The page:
Kristen Wiig’s socially awkward Gilbert comes off as endearing and her school girl crush on Hemsworth’s comically dumb Kevin works well. McCarthy is unsurprisingly solid in the leading role and her character’s reoccurring gag with the Chinese restaurant delivery boy (Deadpool’s Karan Soni) hits its mark every single time. Even Leslie Jones, despite being the weak link, manages to conjure up a few laugh out loud moments. But the queen of the film is Kate McKinnon. Whether it’s physical comedy or just snappy dialogue, the Holtzman character delivers every second she’s on screen and is enough to make even the surliest of movie goers chuckle.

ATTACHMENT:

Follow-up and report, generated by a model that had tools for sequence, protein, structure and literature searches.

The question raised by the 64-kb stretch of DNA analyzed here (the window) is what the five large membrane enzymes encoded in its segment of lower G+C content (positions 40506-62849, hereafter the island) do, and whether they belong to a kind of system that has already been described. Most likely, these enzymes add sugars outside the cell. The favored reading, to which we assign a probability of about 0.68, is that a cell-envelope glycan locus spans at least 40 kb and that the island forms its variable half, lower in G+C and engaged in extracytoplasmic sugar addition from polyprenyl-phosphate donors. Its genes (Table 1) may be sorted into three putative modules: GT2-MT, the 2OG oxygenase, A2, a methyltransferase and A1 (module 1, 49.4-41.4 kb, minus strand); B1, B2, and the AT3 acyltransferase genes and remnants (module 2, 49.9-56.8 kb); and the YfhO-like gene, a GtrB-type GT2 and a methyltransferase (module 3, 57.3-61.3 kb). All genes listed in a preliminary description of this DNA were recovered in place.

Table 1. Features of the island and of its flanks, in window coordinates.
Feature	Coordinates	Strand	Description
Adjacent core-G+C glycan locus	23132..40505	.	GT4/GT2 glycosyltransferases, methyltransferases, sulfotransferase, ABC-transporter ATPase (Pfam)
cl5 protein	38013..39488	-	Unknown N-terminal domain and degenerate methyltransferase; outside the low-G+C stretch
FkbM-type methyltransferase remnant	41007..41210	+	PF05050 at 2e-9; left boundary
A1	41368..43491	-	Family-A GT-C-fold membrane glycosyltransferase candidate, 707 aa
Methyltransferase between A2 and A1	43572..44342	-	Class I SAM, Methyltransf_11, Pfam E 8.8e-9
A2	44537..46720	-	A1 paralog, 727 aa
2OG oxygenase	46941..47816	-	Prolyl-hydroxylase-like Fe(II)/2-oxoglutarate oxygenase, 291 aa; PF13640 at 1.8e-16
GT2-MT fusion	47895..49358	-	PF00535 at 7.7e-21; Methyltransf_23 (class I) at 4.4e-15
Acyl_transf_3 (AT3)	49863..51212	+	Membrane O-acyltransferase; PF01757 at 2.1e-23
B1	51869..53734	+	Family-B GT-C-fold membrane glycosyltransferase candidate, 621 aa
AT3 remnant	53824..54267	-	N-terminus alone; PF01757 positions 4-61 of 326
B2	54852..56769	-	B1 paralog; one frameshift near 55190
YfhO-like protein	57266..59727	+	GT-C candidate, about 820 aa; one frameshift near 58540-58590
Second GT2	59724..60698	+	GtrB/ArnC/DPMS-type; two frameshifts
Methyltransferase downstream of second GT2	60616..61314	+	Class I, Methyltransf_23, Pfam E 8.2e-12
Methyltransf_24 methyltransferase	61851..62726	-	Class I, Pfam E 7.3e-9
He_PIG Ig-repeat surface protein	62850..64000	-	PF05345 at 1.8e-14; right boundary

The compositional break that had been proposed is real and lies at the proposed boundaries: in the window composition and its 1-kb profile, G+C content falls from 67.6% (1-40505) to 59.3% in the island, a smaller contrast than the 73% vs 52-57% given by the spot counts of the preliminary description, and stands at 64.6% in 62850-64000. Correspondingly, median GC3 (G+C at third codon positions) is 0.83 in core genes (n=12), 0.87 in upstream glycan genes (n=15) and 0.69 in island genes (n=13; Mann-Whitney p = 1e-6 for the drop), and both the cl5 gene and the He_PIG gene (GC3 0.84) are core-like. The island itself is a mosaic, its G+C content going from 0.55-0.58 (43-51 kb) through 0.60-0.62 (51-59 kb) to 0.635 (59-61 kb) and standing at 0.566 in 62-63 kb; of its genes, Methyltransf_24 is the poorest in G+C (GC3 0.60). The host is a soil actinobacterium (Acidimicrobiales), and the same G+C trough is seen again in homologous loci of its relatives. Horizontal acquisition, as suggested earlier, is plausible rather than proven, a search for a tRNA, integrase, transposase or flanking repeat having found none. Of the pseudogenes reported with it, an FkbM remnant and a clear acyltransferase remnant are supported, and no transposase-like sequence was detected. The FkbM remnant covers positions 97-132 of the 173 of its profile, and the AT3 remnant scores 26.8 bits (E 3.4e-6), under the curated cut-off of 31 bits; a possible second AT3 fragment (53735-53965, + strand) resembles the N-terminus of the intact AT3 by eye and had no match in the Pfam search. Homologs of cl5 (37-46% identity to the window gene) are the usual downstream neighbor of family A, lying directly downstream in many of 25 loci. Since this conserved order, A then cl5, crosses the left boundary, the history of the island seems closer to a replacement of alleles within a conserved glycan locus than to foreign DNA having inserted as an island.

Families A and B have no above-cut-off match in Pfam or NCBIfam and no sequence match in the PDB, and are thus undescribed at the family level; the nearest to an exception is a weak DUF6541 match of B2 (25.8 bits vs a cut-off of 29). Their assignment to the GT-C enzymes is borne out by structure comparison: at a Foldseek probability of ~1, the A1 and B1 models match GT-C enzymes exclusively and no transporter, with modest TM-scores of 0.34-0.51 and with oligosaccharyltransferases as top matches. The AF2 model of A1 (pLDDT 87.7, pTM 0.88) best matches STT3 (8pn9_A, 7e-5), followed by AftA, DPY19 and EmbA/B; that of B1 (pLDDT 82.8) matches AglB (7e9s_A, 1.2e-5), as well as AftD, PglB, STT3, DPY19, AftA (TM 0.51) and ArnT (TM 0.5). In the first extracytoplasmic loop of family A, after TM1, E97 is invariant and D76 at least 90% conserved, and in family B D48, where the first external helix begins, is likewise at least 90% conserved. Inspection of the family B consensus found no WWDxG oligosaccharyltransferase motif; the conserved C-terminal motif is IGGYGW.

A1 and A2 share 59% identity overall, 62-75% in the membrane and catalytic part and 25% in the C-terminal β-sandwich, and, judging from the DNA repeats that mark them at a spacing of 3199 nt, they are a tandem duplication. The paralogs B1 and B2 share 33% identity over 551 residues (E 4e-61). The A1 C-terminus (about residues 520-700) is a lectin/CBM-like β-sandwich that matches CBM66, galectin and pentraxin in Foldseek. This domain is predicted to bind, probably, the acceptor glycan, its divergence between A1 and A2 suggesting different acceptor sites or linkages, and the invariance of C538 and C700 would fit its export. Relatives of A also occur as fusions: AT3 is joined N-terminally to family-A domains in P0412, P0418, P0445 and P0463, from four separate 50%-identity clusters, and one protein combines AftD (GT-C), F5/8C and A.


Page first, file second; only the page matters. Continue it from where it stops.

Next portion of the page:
Even the action sequence at the film’s too familiar climax manages to be exciting. Sprinkle in some hearty cameos from the original main cast and this movie does enough to make for hearty entertainment even if it is something we’ve seen before. The only glaringly bad thing about the movie is the awful remix of the original theme done by Fall Out Boy. It isn’t as good as the first Ghostbusters, but who said it had to be? This movie has enough in its cast to be enjoyed on its own without having to be compared side by side to a film that is over 20 years old. So if you’re a fan or a newcomer that’s willing to see a movie before you judge it and if you’re more interested in comedic timing rather than the actors’ chromosomes, then this new Ghostbusters should be time well spent.


The Secret Life of Walter Mitty (Full Review)

We go to the movies for several reasons; to laugh, to be amazed, to be informed, and sometimes to be inspired. Films utilizing the latter have become scarce in today’s times of big budget action films, raunchy comedies, and Oscar-starved dramas. So it’s a bit refreshing to have a feel good movie with the intention to encourage.